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ARCHANA KAPOOR PRODUCTIONS

BUILDING BACK BETTER GUJARAT

VO1
The town of Bhuj looks freshly minted. New housing colonies, commercial buildings,
good roads betray no evidence of a tragedy that struck this Gujarat town in 2001. 25,000
new houses have come up here in the last few years to replace those that crumbled like a
pack of cards when the monster earthquake struck Bhuj and its neighboring areas, when it
was celebrating Republic Day on January 26, 2001. Since then the recovery has been
methodical, furious and targeted. How did this miraculous recovery come about?
Answers to this question are available everywhere.

VO 2
Hodka is 80 kilometers from Bhuj. About 1500-1600 Hindus and Muslims live in this
village peacefully. Till six years ago, the village did not look this. All the houses were
flattened by the earthquake that struck Gujarat and took people unaware.

Graphics
January 26, 2001
Time 8.46 am
Earthquake of a magnitude of 6.9 on the Richter scale struck Gujarat
Impacted 10 cities and 914 villages
Died 19,805 people
Injured 166,000 people
Destroyed 348,000 houses
Damaged 844, 000 houses
Rendered homeless 600, 000 people
Flattened 5,000 schools
Killed 20,000 cattle
Total loss US$ 5 billion

VO3
The world was shocked by death, damage and destruction. There was outpouring of
sympathy and relief from all over the world. Tons of relief material began to descend in
these parts. There was a flood of NGOs and individuals who wanted to help. Chaos
reigned.

Byte: Bhavsi, coordinator- Anjar block


Initially the earthquake hit villages were ravaged by loot and dacoity. Most of the relief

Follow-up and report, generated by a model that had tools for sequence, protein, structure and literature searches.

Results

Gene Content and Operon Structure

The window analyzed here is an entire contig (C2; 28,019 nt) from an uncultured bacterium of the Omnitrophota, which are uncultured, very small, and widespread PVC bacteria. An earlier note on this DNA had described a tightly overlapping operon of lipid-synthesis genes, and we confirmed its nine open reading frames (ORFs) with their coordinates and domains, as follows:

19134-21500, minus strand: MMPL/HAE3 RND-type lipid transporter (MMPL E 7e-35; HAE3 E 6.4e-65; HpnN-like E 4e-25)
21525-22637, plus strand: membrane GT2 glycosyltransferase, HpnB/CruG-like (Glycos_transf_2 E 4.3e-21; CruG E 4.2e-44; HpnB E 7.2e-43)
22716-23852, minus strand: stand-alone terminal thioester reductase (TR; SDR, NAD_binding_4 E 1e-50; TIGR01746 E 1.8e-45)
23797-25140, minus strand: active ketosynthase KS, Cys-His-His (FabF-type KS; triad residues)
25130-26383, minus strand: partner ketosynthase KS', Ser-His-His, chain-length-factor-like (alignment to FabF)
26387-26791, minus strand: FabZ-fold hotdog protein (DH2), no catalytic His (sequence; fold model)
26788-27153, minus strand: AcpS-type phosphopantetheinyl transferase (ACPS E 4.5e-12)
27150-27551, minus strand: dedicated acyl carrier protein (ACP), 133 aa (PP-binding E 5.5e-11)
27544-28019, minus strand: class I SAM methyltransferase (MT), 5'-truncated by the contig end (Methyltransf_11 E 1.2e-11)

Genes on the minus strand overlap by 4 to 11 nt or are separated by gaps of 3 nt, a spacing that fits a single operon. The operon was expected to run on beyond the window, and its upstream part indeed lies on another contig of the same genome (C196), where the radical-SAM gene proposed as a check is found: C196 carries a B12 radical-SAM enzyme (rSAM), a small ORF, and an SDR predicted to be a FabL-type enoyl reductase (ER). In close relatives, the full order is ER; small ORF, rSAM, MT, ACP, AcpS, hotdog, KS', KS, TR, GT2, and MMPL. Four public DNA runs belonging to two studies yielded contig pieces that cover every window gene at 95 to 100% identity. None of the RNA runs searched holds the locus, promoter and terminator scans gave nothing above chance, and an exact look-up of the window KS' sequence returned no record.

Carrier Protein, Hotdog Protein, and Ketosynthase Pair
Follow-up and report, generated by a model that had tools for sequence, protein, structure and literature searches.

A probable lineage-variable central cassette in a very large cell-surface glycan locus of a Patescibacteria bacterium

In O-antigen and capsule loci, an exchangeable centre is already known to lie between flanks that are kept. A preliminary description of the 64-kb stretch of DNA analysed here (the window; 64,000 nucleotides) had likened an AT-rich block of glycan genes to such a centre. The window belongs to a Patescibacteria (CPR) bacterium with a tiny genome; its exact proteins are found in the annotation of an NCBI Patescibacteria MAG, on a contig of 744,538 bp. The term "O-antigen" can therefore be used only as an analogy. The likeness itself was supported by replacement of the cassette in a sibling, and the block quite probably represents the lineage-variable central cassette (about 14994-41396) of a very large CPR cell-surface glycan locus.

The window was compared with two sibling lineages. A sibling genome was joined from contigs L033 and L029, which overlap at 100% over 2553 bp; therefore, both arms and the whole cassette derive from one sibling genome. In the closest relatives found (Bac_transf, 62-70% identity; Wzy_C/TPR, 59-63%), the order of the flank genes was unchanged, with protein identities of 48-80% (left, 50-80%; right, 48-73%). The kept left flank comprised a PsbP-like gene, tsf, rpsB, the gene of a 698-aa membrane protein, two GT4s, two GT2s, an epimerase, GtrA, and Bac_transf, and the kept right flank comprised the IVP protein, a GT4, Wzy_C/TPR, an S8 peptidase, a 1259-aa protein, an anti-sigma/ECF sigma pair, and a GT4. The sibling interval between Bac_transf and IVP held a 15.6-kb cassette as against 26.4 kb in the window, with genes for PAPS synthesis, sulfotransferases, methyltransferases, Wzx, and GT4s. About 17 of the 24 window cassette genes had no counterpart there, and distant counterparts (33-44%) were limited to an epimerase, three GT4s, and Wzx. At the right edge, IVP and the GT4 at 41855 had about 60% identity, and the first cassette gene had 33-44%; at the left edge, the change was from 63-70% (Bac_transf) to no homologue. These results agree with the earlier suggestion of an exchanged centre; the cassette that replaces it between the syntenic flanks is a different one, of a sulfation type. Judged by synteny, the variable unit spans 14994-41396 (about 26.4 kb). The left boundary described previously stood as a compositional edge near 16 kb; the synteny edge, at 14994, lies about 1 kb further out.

material was cornered by a handful. To prevent this and to ensure that the relief material
reaches the actual beneficiaries, sub-centers were set up all over the state. We ensured
that the information about the village reached the government. Also, we disseminated
information about government’s plans to the village. We also provided information to
outside NGO’s that wanted to do relief work.
VO4
The Relief phase soon came to an end and rehabilitation had to start. The State Gujarat
Disaster Management Authority (GSDMA) was set up to coordinate reconstruction.
GSDMA was primarily responsible for establishing the relevant framework and
guidelines. For the most part, the actual implementation of the reconstruction measures
was to be carried out by non-governmental institutions (NGOs) which were also required
to make their own financial contribution. Each family whose house had been destroyed
by the earthquake was to receive a grant contribution from the GSDMA, the amount
depending on the size of living space destroyed.

Byte: Gitesh Gandhi


The Gujarat government at some stage decided that the development of the rural areas
and the urban areas would be done differently. The NGO presence and partnership in the
rural areas was very strong whereas this was lacking in the urban areas. So the
government set up a category system. The houses with minor cracks that were repairable
were to be put in category G1, those that had suffered upto 10% but less than 15%
damage were classified as G2. The houses that were 30-40% damaged were in category
G3 and between 40-50% were categorized as G4.Those houses that were completely
destroyed and had to be rebuilt fell in the G5 category.

Byte: Bhavsi
The NGO’s worked closely with the government and conducted surveys to assess the
damage the earthquake had caused to life and property. These surveys helped in
providing targeted rehabilitation.

Byte: Karshanbhai Rabari


Initially we were not aware that the government would help us rebuild our houses, so we
did not do anything. We started living in temporary huts. Soon a team of NGO’s visited
us and asked us to participate in the survey that was being carried out to assess the
damage. We were informed that if our house fell in G 5 category then we would get Rs
90,000, if G4 then Rs 75,000, if G3 then Rs 35,000 and if G1 or G2 category then we